Sandusky in the Off-Season

Sandusky in the off-season means merry-go-rounds, scones and more.

Two of the rare carousel animals at the “Wild” exhibit at Sandusky’s Merry-Go-Round Museum.

Sandusky’s summertime fun is hard to beat, but if you head that way before the season heats up, you can see the city’s quieter side — and take a ride on a merry-go-round that puts Cedar Point’s to shame.

My 3-year-old traveling companion and I pay a visit on a sunny afternoon and make our first stop at the Merry-Go-Round Museum, in a glorious old building downtown with a rounded facade that looks like it was made for the whimsy inside. Instead, it served as Sandusky’s main post office from 1927 till 1986, then sat abandoned.

In 1988, Cedar Point was chosen as the site to celebrate the release of the post office’s new carousel stamps. Anticipating throngs of visitors zipping by the rest of the city to get to the amusement park, Sandusky’s development officials began brainstorming ways to move those crowds downtown. They found an assortment of old carousel animals from private collections, brought them to the empty building and threw a party. They expected around 500 people. More than 2,000 showed up.

Two years later, the Merry-Go-Round Museum opened. It celebrates its 20th anniversary this year and, on March 6, will open its most important exhibit to date. “Wild” is a collection of several dozen rare carousel animals from around the country, many from private collections. Specimens include an armored horse, deer, camel, frog, ostrich, alligator, praying mantis, pig and sea monsters (which are part of the permanent collection).

A studio in the middle of the museum allows visitors to see artists at work. A typical carousel piece takes 300 to 400 hours to carve, says museum executive director Veronica Vandenbout, and would sell for up to $12,000.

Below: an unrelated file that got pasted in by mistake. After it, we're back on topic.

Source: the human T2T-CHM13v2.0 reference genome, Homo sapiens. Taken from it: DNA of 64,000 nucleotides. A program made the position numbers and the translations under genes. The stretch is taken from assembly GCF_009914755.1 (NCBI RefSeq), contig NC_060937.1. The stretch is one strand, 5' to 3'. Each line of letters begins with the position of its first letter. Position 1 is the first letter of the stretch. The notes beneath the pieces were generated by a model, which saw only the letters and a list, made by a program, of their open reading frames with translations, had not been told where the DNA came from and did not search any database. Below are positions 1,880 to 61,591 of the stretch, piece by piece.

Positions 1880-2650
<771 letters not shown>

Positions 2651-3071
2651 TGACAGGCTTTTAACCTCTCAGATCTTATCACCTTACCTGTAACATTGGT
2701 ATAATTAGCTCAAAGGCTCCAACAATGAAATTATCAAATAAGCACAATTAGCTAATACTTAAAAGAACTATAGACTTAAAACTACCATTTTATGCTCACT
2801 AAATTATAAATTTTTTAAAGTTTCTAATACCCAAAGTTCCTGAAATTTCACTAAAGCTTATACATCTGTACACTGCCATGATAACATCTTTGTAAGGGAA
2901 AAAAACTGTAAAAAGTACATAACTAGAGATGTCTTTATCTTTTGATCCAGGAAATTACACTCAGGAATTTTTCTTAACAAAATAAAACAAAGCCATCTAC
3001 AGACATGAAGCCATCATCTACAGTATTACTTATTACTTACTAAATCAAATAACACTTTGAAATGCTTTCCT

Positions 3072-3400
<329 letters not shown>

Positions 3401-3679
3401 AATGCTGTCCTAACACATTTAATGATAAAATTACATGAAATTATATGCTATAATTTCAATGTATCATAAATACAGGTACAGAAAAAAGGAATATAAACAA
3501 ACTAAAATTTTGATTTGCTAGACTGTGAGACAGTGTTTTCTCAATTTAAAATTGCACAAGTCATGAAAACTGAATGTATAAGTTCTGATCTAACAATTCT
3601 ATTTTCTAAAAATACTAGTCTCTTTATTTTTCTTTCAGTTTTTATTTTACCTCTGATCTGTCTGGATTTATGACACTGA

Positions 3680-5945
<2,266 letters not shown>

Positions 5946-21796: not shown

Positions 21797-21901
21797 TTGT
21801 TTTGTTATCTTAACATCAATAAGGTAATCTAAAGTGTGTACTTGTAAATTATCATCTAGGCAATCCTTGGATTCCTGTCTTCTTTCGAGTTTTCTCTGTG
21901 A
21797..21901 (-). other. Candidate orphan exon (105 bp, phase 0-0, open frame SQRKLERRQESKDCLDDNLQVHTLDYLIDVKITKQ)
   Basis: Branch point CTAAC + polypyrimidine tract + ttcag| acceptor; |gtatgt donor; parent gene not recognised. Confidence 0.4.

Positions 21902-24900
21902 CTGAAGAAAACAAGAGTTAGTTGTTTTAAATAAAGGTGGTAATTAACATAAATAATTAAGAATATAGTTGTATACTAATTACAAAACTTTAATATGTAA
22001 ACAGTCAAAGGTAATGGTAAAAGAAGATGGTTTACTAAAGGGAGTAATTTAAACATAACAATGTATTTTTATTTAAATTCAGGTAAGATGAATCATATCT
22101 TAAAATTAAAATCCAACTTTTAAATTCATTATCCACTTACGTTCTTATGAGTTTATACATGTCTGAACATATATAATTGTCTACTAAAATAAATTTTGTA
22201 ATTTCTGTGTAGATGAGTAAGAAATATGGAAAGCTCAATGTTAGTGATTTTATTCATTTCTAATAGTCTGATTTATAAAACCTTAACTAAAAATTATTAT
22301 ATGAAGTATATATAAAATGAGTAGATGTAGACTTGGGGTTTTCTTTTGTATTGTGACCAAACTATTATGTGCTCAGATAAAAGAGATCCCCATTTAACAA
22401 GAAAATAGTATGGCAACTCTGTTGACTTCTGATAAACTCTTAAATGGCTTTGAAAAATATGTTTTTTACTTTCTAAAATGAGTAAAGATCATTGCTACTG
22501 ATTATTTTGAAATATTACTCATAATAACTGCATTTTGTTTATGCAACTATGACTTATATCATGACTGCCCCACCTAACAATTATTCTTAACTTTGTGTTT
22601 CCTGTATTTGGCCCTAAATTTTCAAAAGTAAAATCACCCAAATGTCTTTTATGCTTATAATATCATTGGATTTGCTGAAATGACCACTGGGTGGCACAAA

Info to Go

The Merry-Go-Round Museum
301 Jackson St.

Joe Sundae’s
1119 W. Washington St.

City Bake Shop/Wendy Kromer Confections
137 E. Water St.

Maritime Museum
of Sandusky
125 Meigs St.

At the museum, my daughter and I board a ride and the music starts. She chooses a jeweled horse. The ride begins and picks up speed so quickly I have to brace myself. “This is how it was supposed to be,” laughs Vandenbout. The ride spins at a pace of 7 mph, compared to the 1 to 2 mph you’ll find at most amusement parks.

“Traditionally, this was a thrill ride,” Vandenbout explains when it ends. But over the years, merry-go-rounds were tamed and gained a reputation as the attraction for people too scared to board the real rides. Not here — Sandusky’s Merry-Go-Round Museum is one of the few places you can experience the carousel as it was meant to be.

It’s lunchtime now. We’re looking for something low-key and decide to try Joe Sundae’s, just down the street. The diner is packed with tourists in the summer, but at this time of the year it’s the domain of locals, a dark but cozy space with a fireplace in the back room. The long bar serves up Toft’s Ice Cream (made in Sandusky and sold throughout the region), food and coffee. A pulled-pork sandwich sets us back only $2.25.

Our next stop is City Bake Shop and Wendy Kromer Confections. Both are the work of Wendy Kromer, the co-author of Martha Stewart’s Wedding Cakes. Kromer, a Sandusky native, moved to New York, worked as a model, then got into the bakery business and hooked up with Stewart. Six years ago, she moved back home and opened her wedding cake shop. Last year she opened City Bake Shop.

Today, she takes a break from her baking to serve us. While she runs in the back to grab some coffee cake that just came out of the oven, we look around the cheery space. A giant photo of a white fondant cake with dogwood flowers catches my daughter’s eye. “Can I have that for my birthday cake?” she asks. “No, but I’ll get it for your wedding,” I tell her.

Kromer returns with the coffee cake, the smell of which permeates the store, two scones and rosemary lemon shortbread. Her wish for downtown, she tells us, is more artisanal businesses, as well as mom-and-pop stores. Still, she says she’s happy to be able to go home at night, sit on her screened-in porch and relax. “You can’t do that in New York,” she says.

The ice-cream counter at Joe Sundae’s

Back in the car, we sneak bites of the coffee cake. “Actually,” a tiny voice says from the back seat, “I want coffee cake for my wedding instead.”

If it were a weekend, we’d head over to the Maritime Museum of Sandusky to learn about boat building, ice harvesting, shipwrecks and more. My daughter would certainly enjoy building her own model boat. Until May, however, the museum is only open on weekends.

That’s OK. It’s just another reason to come back, stock up on scones and take another spin on the fastest merry-go-round in town.